Patel, Oliver . 2018. The EU and the Brexit Negotiations: Institutions, Strategies and Objectives. October. Accessed June 3rd, 2019. https://www.ucl.ac.uk/european-institute/sites/european-institute/files/eu_and_the_brexit_negotiations.pdf.

UKandEU. 2016. Strengths, Weaknesses, Opportunities, Threats of the UK’s membership of the EU. June. Accessed June 3, 2019. https://ukandeu.ac.uk/wp-content/uploads/2016/06/SWOTS.pdf.






























































[1] Olive Patel. The EU and the Brexit Negotiations: Institutions, Strategies and Objectives(2018) 9

[2] Patel. The EU and the Brexit  9


[3] Patel. The EU and the Brexit  6

[4] Alan McCarthy, and Steve Hay. Advanced Negotiation Techniques. New York: Apress (2015) 138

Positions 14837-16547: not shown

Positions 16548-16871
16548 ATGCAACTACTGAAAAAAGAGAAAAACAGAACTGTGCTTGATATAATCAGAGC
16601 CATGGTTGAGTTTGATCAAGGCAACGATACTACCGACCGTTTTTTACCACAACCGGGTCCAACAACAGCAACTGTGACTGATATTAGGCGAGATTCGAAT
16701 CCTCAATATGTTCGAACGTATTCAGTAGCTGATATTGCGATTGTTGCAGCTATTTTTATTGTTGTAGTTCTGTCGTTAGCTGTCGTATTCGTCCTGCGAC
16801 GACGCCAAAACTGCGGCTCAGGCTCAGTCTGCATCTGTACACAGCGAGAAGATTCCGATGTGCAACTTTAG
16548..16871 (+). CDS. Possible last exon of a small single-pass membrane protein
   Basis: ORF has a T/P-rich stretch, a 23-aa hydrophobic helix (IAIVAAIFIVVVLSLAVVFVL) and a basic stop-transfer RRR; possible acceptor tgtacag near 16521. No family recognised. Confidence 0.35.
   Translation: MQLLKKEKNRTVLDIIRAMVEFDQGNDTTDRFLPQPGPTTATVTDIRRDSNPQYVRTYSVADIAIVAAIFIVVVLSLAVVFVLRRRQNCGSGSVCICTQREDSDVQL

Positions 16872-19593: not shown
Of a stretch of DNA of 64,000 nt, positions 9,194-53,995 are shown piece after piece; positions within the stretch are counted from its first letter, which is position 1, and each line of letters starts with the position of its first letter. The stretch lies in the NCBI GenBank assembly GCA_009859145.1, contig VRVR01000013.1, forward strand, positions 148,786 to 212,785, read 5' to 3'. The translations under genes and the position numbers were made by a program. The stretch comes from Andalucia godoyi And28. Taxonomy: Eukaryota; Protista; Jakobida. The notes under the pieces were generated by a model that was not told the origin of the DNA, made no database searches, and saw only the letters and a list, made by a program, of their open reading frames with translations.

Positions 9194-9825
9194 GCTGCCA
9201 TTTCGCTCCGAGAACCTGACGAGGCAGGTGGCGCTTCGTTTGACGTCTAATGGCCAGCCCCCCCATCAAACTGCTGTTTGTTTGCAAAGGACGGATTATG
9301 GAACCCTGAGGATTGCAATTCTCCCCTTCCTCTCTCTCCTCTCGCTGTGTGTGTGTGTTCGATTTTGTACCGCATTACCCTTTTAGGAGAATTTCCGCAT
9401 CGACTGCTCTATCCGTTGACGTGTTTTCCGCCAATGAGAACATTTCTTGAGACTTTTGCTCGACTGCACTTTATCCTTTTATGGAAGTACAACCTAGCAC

[5] Alan McCarthy, and Steve Hay. Advanced Negotiation Techniques. New York: Apress (2015) 20

[6] UKandEU. Strengths, Weaknesses, Opportunities, Threats of the UK’s membership of the EU(2016)

[7] UKandEU. Strengths, Weaknesses, Opportunities, Threats of the UK’s membership of the EU(2016)

[8] Jen Kirby,. 2019. 9 Questions About Brexit You Were Too Embarrassed to Ask

[9] Patrick J Cleary. The Negotiation Handbook. Abingdon: Routledge (2015) 138

[10] Oliver Patel. The EU and the Brexit Negotiations: Institutions, Strategies and Objectives (. 2018) 10